b)      Introduce a policy shift towards water demand management that would regulate water access, improve water use efficiency, and prevent water pollution. Governments are urged to introduce fair water tariffs that rationalize water use, achieve cost recovery in a gradual manner to reflect actual value of the water resource, and promote equity through targeted subsidies. Wastewater treatment rates should be increased from the current figure below 50% to over 90% and water reuse from the current 20% to almost 100%. Development and utilization of innovative desalination methods that primarily use solar energy should be actively promoted.

c)      Adopt national and regional strategies for energy efficiency, demand-side management, cleaner energy, and renewable energy. To manage energy demand growth cost-effectively, governments should mandate and enforce energy efficiency standards and labels in residential and commercial buildings, industrial facilities, modes of transportation, and for electrical appliances and lighting. Governments should also reconsider broad electricity, petrol, and natural gas subsidies to take into account economic incentives that spur investments in energy efficiency, clean energy, and renewable energy technologies. Targeted subsidies should be used to assist low-income households.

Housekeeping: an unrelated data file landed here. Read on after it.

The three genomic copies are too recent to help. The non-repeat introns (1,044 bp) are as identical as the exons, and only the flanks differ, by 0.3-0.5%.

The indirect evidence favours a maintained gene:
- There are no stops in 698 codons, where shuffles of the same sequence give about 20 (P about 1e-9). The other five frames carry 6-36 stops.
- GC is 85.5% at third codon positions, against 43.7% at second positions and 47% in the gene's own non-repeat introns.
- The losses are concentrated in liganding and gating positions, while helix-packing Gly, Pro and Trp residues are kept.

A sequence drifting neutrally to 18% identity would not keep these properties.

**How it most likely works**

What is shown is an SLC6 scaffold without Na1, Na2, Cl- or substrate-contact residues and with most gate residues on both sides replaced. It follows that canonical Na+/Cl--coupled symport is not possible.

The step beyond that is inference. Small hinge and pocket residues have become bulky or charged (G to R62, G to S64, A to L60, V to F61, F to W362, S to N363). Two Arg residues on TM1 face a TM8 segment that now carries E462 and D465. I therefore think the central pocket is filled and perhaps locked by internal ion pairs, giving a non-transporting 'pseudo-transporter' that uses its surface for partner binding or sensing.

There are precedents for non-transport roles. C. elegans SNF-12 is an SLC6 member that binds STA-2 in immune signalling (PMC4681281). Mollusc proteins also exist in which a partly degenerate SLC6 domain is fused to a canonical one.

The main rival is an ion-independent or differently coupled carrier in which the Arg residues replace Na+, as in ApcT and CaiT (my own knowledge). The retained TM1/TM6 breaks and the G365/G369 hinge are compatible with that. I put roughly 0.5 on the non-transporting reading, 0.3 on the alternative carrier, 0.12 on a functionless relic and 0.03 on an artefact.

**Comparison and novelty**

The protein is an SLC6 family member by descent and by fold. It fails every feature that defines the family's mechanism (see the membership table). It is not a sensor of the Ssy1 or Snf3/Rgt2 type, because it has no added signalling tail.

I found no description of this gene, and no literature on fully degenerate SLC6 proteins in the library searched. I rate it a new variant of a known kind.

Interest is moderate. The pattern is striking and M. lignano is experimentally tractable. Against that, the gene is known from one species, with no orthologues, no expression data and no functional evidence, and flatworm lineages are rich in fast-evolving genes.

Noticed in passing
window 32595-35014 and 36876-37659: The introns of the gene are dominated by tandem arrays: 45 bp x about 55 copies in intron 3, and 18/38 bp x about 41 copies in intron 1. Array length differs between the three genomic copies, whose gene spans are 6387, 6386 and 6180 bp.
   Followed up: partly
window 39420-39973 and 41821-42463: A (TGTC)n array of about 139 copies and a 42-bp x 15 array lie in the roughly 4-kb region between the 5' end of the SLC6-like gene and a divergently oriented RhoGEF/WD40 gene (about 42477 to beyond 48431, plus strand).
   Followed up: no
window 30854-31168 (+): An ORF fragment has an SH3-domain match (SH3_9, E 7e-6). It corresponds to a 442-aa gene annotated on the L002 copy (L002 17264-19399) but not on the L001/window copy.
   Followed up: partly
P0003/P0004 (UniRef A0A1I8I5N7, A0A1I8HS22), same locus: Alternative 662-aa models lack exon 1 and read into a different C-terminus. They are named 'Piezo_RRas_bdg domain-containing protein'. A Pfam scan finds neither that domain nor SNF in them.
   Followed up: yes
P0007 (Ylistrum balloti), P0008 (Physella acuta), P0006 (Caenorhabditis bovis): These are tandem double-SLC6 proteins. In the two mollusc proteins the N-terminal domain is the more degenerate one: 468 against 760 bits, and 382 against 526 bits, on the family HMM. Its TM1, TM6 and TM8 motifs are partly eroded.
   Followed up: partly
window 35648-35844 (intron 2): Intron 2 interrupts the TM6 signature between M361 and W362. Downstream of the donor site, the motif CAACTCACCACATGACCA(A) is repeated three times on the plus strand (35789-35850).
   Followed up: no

d)      Introduce municipal zoning regulations that promote mixed-use development, high-density land use patterns, open green spaces, and accessible public transportation networks.

e)      Develop a national industrial policy that provides appropriate and favorable institutional and regulatory framework for low-carbon and resource-efficient industries and research and development (R&D) capabilities.

f)       Make sustained investments in mass public transportation in Arab cities and in regional rail lines to transport freight and people within busy corridors, locally, nationally, and regionally. Government agencies should ensure that transportation and urban planning are well integrated. Governments should adopt national fuel efficiency standards for vehicles and reduce in a gradual manner vehicle fuel subsidies, while introducing incentives for the replacement of ageing, polluting vehicles with new higher fuel efficiency vehicles, and applying a taxation system proportionate to emissions and fuel consumption.

g)      Adopt a resource management approach to solid waste that seeks to capture value from waste materials through reduction, reuse, recycling, and recovery. Governments should promote investments in converting organic food waste into compost and biogas, as well as waste-to-energy strategies.

h)      Develop a package of policy instruments, including regulations, incentives, and capacity building to implement sustainable tourism practices in travel, hospitality, and recreational services. Government should give particular attention to ecotourism as well as community-based cultural tourism to help in nature conservation and to support local economies.

i)       Promote, through a mix of economic incentives and publicly sponsored research programs, opportunities for the private sector to assist in developing locally-based competitive green technology as an economic engine for growth.

j)       Support academic institutions and research centers to create and enhance environmental programs and research studies that can play a major role in the transition to a green economy.